Republicans to push 10% middle-class tax cut next year
President Trump and the Republican leader of the tax-writing House Ways and Means Committee issued a joint statement Wednesday calling for a 10 percent middle-class tax cut after Congress begins a new term next year, although it’s far from clear which party will control the House after the midterm elections.
When Trump proposed the middle-class tax cut earlier this month, he reportedly took GOP leaders and his own administration by surprise (see Trump vows post-election vote on 10% tax cut that’s news to GOP). “We’re giving a middle-income tax reduction of about 10 percent,” he told reporters as he left the White House to speak at a campaign rally in Houston. “We’ll do the vote after the election.”
Up to then, GOP lawmakers had been focusing on the so-called Tax Reform 2.0 package in the House, which essentially would extend the tax breaks for individuals and pass-through businesses in the Tax Cuts and Jobs Act beyond 2025. The Tax Reform 2.0 package passed in the House, but has not yet advanced in the Senate. But Republican lawmakers scrambled to get their message in line with the president’s. House Ways and Means Committee Chairman Kevin Brady, R-Texas, said that if Republicans keep control of the House they will advance legislation to provide the 10 percent tax cut (see Top GOP tax writer commits to Trump’s middle-class cut).
On Wednesday, Brady reiterated his support in what was billed as a joint statement with the president. “The House recently passed Tax Reform 2.0, locking in the tax cuts from the Tax Cuts and Jobs Act for families and small businesses in order to provide certainty while continuing to enhance America’s economic prosperity,” they said. “Tax Reform 2.0 reflects our shared commitment to the American people that we will never again wait 30 years to reform our nation’s Tax Code. We are not done yet. We know that when hardworking Americans — not Washington — are in charge of spending their own money, our economy grows and families are better off. We are committed to delivering an additional 10 percent tax cut to middle-class workers across the country. And we intend to take swift action on this legislation at the start of the 116th Congress."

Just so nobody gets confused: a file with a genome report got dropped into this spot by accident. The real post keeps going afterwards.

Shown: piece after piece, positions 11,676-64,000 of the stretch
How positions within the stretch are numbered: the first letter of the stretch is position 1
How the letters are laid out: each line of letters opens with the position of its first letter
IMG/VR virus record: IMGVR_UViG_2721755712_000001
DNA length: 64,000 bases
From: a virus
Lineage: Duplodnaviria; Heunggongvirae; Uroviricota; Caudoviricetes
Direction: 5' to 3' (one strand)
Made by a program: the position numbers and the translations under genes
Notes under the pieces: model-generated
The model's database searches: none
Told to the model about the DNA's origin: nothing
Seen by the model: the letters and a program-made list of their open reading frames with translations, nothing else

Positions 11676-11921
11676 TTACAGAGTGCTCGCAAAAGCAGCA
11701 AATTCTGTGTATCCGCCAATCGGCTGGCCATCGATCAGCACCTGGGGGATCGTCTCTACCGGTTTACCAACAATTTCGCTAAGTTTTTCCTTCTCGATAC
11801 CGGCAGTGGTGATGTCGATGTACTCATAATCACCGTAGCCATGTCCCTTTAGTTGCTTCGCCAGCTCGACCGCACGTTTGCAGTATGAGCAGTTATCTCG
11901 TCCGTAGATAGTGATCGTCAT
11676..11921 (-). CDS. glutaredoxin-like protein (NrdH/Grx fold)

The Tax Cuts and Jobs Act that Republicans pushed through Congress last December on a party-line vote was originally billed as providing middle-class tax cuts, but as it turned out, the biggest share of the tax cuts went to large corporations and the wealthy. While the corporate tax cuts were made permanent, most of the tax provisions for individuals and pass-through businesses are set to expire in 2025 in order to fit into the $1.5 trillion cost of the package.
The tax legislation has proven to be unpopular with many voters and has failed to become the campaign issue that Republican lawmakers had hoped it would be. Trump’s pledge for the 10 percent middle-class tax cut is viewed as a way to continue to use Republican control of the House as a way to promise further tax cuts in the future for voters.